Things inevitably go wrong in life. Whether or not we get upset by them and the degree of distress we feel depends largely on the way we think about them. This is good news because while we may not be able to change other people or our life circumstances, we can change the way we think.

Cognitive behaviour therapy (CBT) is based on the principle that the way we think determines the way we feel. CBT is now the most popular method of treatment for psychological problems and is effective for anxiety, depression, panic attacks, phobias and many other mental health disorders.

William Shakespeare was well versed in CBT. As Hamlet famously said, ‘There is nothing good or bad, but thinking makes it so.’

CBT involves identifying your self-defeating thinking habits, challenging them logically and replacing them with more helpful and realistic thinking. For example, imagine you have made a mistake at work. Using the ABCD model:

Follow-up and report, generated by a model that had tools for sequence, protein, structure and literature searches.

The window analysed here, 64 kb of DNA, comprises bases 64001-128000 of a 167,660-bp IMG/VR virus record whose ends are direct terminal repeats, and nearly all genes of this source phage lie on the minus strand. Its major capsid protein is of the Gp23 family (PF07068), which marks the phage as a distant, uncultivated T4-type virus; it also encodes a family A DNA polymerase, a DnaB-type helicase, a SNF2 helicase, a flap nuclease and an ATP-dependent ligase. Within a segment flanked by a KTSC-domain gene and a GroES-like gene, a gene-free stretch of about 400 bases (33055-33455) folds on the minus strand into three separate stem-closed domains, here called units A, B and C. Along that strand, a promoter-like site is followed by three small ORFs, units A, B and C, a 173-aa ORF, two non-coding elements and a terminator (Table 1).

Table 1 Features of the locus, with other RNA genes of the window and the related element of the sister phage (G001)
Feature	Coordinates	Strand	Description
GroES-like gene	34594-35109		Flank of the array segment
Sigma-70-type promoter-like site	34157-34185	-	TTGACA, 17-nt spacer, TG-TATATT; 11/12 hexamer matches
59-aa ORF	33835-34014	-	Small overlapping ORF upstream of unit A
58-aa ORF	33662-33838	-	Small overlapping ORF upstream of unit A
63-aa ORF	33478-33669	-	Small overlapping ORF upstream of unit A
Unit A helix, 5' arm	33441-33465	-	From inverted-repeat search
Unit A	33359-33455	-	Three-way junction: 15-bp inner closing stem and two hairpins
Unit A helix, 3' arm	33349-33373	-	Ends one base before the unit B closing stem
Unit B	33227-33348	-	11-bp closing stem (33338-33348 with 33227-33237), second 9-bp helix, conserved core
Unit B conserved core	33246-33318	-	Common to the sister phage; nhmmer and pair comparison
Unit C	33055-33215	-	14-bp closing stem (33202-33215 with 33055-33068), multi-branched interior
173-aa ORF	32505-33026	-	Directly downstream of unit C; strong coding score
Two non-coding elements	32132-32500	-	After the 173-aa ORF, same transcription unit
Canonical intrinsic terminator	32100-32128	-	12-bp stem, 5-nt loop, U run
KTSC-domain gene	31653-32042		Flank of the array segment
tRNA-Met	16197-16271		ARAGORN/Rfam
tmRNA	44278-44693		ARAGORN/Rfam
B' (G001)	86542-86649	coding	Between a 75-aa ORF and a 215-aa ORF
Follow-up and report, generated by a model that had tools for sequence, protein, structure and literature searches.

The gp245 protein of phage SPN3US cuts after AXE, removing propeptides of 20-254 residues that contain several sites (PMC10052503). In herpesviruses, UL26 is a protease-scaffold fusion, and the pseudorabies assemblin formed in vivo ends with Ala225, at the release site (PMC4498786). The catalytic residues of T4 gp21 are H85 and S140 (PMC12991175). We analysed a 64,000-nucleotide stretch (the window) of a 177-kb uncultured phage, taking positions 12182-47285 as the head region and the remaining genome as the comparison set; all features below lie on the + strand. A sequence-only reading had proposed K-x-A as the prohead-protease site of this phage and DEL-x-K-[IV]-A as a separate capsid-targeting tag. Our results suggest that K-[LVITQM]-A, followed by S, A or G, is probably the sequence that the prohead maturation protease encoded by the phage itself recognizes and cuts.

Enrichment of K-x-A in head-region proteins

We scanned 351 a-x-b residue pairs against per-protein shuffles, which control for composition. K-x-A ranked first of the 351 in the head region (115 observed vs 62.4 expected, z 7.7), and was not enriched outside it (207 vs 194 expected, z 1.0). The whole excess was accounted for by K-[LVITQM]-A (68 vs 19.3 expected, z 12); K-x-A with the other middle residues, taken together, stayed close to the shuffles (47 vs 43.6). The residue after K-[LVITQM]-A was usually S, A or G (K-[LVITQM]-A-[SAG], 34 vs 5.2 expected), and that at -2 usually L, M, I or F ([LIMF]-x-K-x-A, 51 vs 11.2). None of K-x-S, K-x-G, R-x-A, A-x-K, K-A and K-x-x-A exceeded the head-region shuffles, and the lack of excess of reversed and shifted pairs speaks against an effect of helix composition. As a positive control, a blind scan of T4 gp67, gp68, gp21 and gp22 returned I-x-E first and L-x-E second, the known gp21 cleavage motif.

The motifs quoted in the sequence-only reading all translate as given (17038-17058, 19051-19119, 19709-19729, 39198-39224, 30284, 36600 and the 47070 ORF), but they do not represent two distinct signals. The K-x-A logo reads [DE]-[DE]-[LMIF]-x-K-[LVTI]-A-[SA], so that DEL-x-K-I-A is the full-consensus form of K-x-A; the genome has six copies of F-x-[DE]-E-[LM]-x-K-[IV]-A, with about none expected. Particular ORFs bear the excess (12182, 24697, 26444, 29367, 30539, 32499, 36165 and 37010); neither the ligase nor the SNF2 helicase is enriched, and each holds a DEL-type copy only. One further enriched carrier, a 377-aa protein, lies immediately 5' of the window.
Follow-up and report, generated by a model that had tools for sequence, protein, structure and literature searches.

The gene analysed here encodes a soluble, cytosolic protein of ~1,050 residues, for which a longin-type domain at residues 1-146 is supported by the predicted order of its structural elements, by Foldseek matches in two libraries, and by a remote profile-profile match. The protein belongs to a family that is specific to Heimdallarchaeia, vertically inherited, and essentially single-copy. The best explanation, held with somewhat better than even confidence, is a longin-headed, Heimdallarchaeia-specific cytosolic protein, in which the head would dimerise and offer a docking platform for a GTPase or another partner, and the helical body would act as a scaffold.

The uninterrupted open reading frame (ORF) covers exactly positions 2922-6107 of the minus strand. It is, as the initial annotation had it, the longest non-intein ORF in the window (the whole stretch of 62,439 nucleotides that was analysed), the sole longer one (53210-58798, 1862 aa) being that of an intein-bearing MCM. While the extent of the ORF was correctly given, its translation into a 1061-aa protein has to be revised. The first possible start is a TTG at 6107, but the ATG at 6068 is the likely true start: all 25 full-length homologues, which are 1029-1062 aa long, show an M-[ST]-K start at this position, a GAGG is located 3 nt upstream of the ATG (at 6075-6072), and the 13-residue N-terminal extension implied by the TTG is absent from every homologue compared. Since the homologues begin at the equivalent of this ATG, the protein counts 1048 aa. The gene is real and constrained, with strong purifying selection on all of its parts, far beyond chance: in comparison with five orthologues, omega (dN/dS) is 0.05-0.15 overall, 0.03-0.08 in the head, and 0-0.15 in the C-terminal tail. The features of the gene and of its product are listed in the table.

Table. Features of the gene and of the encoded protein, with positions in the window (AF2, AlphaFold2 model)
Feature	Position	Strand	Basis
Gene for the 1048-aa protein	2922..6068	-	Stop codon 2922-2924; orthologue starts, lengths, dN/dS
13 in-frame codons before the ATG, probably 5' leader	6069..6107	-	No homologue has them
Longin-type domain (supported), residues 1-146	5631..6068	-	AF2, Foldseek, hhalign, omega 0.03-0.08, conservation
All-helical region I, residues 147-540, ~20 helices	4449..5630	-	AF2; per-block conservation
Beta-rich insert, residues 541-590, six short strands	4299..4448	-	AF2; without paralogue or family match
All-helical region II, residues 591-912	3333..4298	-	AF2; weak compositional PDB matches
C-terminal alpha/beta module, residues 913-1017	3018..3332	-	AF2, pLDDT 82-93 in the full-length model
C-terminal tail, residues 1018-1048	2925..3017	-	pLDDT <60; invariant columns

A.    Antecedent (trigger or event). Work error.

B.    Beliefs (automatic thoughts). ‘I should always do a perfect job. I should be competent in everything I do.’

C.    Consequences (resulting feelings and behaviours): anxiety, self-doubt, fear of losing job. These result from your beliefs not from the mistake itself.

D.    Dispute. Challenge your unhelpful thoughts: ‘I usually do a good job but I am not good at everything. Everyone makes mistakes sometimes. The boss was very happy with my report last week. I will learn from this and perform better next time.’  As a result, you feel more relaxed and more confident.


If you feel distressed, see your GP first for an assessment. Your GP may be trained to offer CBT or may refer you to a psychologist for subsidised care under a GP Mental Health Care Plan.

Self-help manuals, such as Change your Thinking by Dr Sara Edelman are also available.

www.moodgym.anu.edu.au, www.ecouch.anu.edu.au

Disclaimer:

  • Please note this information was correct at time of publication.
  • For up to date information, speak to your doctor.

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